Two Texas prisoners took steps away from death row as state courts ruled in their favor on issues involving false or faulty scientific evidence and argument. On October 5, 2018, the Texas Court of Criminal Appeals (CCA) granted a stay of execution to Juan Segundo (pictured, left), directing a Tarrant County trial court to reconsider a claim of intellectual disability that the courts had previously rejected based on an unconstitutional, unscientific standard for measuring his functioning. Four days later, an El Paso trial judge found that prosecutors had “presented false and misleading evidence and argument” concerning the cause of death of a 19-month-old whom Rigoberto “Robert” Avila (pictured, right) had been convicted of killing, and recommended that the CCA grant Avila a new trial.
Texas had been set to execute Segundo on October 10. Segundo’s lawyers had long argued that he is intellectually disabled and therefore exempt from execution under the U.S. Supreme Court’s 2002 ruling in Atkins v. Virginia. However, the Texas courts had dismissed that claim, relying on a series of nonclinical factors—some based on the fictional character Lennie Smalls from Of Mice and Men—to say that Segundo was not intellectually disabled under Texas law. In 2017, in the case of Moore v. Texas, the U.S. Supreme Court ruled that intellectual disability determinations must be “informed by the medical community’s diagnostic framework.” The Court struck down Texas’s approach, calling it an “outlier” that created “an unacceptable risk that persons with intellectual disability will be executed.” In Segundo’s case, the CCA wrote, “[i]n light of the Moore decision and the facts presented in applicant’s application, we have determined that applicant’s execution should be stayed pending further order of this Court.”
The CCA stayed Avila’s January 2014 execution based on a new law giving prisoners access to the courts to litigate new evidence that their convictions had been based on false or misleading forensic evidence. His was one of the first cases sent back to a lower court for reconsideration under the 2013 junk-science law. In his 2001 trial, prosecutors argued that Avila had killed his girlfriend’s infant son. “There’s no other way the kid could have died,” they told the jury. New evidence showed, however, that the infant could have died from injuries caused by his four-year-old brother. Judge Annabell Perez wrote that this new evidence “probably would have led jurors to harbor reasonable doubt about [Avila’s] guilt” if it had been available at trial. In a prepared statement, Avila’s lawyers wrote: “The new scientific evidence creates a compelling case for Mr. Avila’s innocence, and a judge has now found that the verdict against him rests on false and misleading testimony. After spending 17 years on death row—and facing four serious execution dates—for a crime he did not commit, Mr. Avila is anxious to present the reliable scientific evidence to a jury.”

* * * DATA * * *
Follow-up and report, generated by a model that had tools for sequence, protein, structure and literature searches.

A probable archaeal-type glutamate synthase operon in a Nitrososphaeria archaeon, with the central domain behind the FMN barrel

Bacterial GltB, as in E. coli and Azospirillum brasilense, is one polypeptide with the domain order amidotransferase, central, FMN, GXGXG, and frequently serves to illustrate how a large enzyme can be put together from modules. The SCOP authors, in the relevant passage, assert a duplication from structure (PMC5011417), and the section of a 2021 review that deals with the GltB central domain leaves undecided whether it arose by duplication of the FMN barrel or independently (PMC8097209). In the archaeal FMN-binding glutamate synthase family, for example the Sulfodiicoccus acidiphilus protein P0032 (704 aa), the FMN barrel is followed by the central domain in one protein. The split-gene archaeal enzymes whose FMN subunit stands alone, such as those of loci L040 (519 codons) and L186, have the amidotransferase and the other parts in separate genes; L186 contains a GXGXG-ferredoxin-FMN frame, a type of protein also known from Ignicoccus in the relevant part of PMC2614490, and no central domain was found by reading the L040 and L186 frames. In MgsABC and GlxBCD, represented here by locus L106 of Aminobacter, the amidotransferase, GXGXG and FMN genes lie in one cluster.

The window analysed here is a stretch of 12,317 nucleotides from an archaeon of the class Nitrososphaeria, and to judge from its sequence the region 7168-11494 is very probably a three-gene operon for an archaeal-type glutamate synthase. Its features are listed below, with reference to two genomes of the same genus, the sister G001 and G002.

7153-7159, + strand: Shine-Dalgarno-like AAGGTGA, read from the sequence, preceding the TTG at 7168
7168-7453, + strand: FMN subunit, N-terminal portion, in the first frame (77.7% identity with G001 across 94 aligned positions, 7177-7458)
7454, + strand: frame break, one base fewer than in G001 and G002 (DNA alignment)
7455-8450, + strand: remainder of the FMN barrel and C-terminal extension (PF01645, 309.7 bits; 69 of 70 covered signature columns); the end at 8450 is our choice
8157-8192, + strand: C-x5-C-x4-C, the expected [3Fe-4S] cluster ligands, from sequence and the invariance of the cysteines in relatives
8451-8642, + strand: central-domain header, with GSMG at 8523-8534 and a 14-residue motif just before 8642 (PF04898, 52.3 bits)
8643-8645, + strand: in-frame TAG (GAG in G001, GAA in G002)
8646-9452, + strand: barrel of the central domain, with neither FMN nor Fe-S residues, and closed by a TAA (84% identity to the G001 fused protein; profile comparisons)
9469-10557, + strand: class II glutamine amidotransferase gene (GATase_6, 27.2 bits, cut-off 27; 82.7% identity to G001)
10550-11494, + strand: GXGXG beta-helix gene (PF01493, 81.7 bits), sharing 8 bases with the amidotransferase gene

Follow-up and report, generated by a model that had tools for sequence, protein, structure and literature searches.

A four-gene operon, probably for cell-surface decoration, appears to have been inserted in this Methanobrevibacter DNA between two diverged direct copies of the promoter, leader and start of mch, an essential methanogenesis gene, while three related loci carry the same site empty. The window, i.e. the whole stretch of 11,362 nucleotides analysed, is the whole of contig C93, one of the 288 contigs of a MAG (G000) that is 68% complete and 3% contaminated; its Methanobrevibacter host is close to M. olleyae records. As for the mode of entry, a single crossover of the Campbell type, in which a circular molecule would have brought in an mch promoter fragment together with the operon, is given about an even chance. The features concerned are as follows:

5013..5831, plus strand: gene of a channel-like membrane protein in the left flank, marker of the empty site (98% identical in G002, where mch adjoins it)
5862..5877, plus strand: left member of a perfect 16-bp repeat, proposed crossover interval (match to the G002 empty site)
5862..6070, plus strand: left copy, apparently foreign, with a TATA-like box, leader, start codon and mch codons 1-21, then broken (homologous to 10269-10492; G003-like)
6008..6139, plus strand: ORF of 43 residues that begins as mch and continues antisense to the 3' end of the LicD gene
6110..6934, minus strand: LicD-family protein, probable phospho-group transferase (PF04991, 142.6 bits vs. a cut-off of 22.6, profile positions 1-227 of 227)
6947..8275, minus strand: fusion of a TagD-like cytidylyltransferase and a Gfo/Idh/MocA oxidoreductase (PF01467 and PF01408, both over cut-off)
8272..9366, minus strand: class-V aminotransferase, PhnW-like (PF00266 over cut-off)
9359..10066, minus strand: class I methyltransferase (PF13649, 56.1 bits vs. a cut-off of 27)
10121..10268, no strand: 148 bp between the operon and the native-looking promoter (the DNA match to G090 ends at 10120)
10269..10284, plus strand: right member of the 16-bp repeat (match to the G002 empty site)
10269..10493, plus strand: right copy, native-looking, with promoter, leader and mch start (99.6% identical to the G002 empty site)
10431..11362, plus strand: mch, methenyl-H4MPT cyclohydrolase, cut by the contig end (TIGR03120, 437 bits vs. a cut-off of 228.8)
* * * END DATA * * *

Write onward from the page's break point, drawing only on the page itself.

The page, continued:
Governor Rejects Jurors’ Plea for Clemency for Edmund Zagorski as Tennessee Court Allows Lethal Injections to ProceedPosted: October 9, 2018
Ignoring declarations by six jurors in Edmund Zagorski’s 1984 trial that they would have spared Zagorski (pictured) if they could have sentenced him to life without parole, Tennessee Governor Bill Haslam rejected Zagorski’s petition for clemency on October 5, 2018. In conjunction with the Tennessee Supreme Court's October 8 ruling upholding the constitutionality of the state's lethal-injection protocol, Haslam’s decision moved the state closer to executing Zagorski on October 11. At the time of Zagorski’s trial, Tennessee law required jurors in death-penalty cases to choose between sentencing a defendant to death or risk the possibility that he could later be released on parole. The jurors in Zagorski’s case submitted sworn declarations in support of clemency, saying that they would have sentenced him to life without possibility of parole, rather than the death penalty, if they had been given the no-parole option. Juror Michael Poole told Nashville Scene, “Our concern was that at some point in time maybe this man would be released and could actually be out in society and commit such a crime again. ... [Zagorski] has paid a significant price up to this point, I feel, and the continuation of his imprisonment until he dies of natural causes I think is punishment enough.” Nancy Arnold, another juror, agreed. “[A]s far as the law was concerned, all we could do was what we did. We had no choice of life without parole. I would have definitely done that if it had been available.” Zagorski’s clemency plea was also supported by correctional officials who said he has been a model prisoner and has reformed during his 34 years on death row. Despite those statements, Gov. Haslam denied clemency, writing that “the jury in Zagorski’s case heard the evidence at trial and rendered a unanimous verdict in accordance with the law at the time and their duty as jurors. Ten courts, including the Tennessee Supreme Court and the Supreme Court of the United States, have reviewed and upheld the jury’s verdict and sentence, and the Tennessee Supreme Court has held that the addition of life imprisonment without the possibility of parole as a sentencing option does not affect previous verdicts.” The Tennessee Supreme Court on October 8 also removed a hurdle to Zagorski’s execution, ruling 4-1 that Tennessee's lethal-injection protocol is constitutional, and that prisoners did not prove an alternative was available, as required. In response to that ruling, Zagorski requested that the state execute him with the electric chair, saying, “I do not want to be subjected to the torture of the current lethal injection method.” In a statement, Zagorski’s lawyer, assistant federal defender Kelley Henry, said the Tennessee high court decision had left Zagorski to choose between “two unconstitutional methods of execution.” Describing the prospect of “10-18 minutes of drowning, suffocation, and chemical burning” as “unspeakable,” Henry said Zagorski found the electric chair to be “the lesser of two evils.” Zagorski is appealing the Tennessee Supreme Court’s decision.